Understanding income investing — valid expectations, Pt. 2Article added by Steve Selengut on February 2, 2011
Steve Selengut

Steve Selengut

Charleston, SC

Joined: December 08, 2010

The critical relationship between the two classes of securities in your portfolio is this: The market value of your equity investments and that of your fixed income investments are totally and completely unrelated. Each market dances to its own beat. Stocks are like heavy metal or rap — impossible to predict. Bonds are more like the classics and old time rock-and-roll — much more predictable.

Thus, for the sake of portfolio smile maintenance, you must develop the ability to separate the two classes of securities mentally, if not physically. For example, if your July 2005 market value fell, it was because of higher interest rates, not lower stock prices. More recently, the combination of higher rates and a weaker stock market has been a double whammy for portfolio market values, and a double bonanza for investment opportunities.

Just like at the mall, lower securities prices are a good thing for buyers, and higher prices are a good thing for sellers. You need to act on these things with each cyclical change; you must be willing and able to wear both hats simultaneously.

Here's a simple way to deal with income security market values to avoid shocks and surprises. Just visualize the scales of justice, with or without the blindfold. On one side, we have a number that represents the current value of your income portfolio. On the other side, we have a small "i" for interest rates, and up or down arrows that represent interest rate directional expectations.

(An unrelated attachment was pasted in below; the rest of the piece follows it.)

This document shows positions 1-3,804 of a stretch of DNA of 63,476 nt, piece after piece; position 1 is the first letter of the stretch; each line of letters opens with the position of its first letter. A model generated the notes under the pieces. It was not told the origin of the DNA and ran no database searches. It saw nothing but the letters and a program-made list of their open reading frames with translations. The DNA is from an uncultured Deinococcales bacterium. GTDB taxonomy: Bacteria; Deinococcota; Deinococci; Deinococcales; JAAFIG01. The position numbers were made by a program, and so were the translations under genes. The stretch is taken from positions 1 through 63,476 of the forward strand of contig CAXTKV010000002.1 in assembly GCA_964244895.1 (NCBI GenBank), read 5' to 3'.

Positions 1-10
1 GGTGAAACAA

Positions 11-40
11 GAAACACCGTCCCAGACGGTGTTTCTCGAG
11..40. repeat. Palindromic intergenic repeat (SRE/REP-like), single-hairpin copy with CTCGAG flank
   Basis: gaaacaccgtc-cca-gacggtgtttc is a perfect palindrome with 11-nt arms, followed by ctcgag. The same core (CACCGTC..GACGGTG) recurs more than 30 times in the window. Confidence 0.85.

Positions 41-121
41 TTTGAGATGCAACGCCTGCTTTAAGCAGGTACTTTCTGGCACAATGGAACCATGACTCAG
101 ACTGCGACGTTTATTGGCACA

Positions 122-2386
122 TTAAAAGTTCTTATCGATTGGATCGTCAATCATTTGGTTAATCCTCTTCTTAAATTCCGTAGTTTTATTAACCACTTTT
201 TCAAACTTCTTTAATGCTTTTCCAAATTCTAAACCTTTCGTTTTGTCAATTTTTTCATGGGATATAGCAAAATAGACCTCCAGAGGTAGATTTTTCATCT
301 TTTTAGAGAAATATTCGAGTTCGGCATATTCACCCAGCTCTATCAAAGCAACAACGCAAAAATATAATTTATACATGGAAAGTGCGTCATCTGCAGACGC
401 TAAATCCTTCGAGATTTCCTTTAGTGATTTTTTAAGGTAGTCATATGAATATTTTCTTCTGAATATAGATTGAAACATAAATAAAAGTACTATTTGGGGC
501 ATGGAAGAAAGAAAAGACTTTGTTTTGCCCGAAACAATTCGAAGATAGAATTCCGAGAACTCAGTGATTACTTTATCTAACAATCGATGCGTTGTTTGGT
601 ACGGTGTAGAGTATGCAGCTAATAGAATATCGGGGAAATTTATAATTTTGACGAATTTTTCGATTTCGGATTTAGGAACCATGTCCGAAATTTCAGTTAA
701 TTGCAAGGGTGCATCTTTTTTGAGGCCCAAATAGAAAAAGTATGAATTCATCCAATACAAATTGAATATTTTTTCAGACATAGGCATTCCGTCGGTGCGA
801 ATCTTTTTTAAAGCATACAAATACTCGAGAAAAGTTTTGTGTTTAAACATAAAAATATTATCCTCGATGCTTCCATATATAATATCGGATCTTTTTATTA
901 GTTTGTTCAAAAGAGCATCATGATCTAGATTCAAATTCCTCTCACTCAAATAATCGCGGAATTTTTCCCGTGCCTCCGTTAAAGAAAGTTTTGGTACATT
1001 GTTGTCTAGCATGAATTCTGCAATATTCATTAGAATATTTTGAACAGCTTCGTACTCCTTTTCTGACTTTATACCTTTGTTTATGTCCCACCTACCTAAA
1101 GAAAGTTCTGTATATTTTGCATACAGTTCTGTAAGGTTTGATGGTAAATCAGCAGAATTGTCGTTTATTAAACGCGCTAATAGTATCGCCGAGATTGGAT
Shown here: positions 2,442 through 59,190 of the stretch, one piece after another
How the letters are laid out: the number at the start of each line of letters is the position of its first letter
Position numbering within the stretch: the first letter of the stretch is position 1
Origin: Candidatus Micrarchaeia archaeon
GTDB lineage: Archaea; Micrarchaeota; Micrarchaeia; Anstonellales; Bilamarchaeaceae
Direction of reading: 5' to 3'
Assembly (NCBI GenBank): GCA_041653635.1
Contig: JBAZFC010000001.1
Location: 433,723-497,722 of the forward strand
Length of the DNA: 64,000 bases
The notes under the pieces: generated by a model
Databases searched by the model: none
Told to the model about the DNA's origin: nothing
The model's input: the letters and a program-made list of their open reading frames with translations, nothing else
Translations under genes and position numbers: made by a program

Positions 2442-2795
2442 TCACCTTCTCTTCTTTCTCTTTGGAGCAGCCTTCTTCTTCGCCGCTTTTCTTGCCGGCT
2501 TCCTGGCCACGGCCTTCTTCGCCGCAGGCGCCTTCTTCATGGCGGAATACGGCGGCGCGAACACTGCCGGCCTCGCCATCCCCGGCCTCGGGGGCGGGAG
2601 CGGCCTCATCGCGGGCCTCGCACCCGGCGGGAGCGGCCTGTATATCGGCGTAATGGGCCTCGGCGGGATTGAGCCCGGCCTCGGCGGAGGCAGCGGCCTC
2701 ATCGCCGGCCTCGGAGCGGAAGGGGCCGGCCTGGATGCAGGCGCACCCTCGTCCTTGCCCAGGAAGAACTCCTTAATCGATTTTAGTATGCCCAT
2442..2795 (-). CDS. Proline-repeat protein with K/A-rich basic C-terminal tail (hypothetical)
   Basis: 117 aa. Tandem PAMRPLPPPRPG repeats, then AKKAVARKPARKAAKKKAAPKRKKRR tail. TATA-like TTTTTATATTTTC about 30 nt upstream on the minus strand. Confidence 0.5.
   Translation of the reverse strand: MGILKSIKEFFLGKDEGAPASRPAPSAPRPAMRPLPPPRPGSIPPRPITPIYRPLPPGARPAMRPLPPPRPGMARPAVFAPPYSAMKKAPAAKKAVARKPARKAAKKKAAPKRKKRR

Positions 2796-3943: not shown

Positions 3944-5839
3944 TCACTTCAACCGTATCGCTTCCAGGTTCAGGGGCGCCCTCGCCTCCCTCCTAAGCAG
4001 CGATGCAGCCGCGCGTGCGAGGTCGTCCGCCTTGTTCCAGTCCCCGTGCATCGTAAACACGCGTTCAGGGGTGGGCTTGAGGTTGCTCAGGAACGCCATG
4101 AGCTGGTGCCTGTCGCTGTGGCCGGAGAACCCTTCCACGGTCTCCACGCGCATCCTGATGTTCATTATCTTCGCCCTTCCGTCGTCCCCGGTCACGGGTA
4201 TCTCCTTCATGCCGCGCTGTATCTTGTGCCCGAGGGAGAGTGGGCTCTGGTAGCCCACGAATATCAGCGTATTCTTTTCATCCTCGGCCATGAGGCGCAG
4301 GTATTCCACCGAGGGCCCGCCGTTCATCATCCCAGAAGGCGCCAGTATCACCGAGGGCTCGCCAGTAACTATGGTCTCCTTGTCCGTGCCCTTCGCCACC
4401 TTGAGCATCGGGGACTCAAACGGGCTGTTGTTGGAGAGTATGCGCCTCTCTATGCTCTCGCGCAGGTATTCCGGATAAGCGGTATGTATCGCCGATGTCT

If the world expects interest rates to rise, or even to stop going down, up arrows are added to "i" and the market value side moves lower — the current scenario (and the scenario when this article was first published). Absolutely nothing can (or should) be done about it. It has no impact at all on the contracts you hold or the interest that you will receive. Neither the maturity value nor the cash flow is affected — but your broker just called with an idea.

The mechanics are also simple. These are negotiable securities carrying a fixed interest rate. Buyers are entitled to current rates, and the only way to provide them on an existing security is to sell it at a discount. Fortunately, one rarely has to sell.
Over the past few years of falling interest rates, income securities have risen in price and investors (should) have realized capital gains as a result — adding to portfolio income and to working capital. Now that trend has reversed itself and you have the opportunity to add to existing holdings, or to buy new securities, at lower prices and higher interest rates. This cycle will be repeated forever.

So, from a "let's try to be happy with our investment portfolio because it's financially and emotionally healthier" standpoint, it is critical that you understand changes in market value, anticipate them, and appreciate the opportunities that they provide.

Comparing your portfolio market value with some external and unrelated number accomplishes nothing. Actually, owning your fixed income securities in the most freely negotiable manner possible can put you in a unique position. You have no increased risk from a reduction in security prices, while you gain the ability to add to holdings at higher yields.

It's like magic, or is it justice? Both sides of the scales contain good news for the investor — as the investment gods intended.
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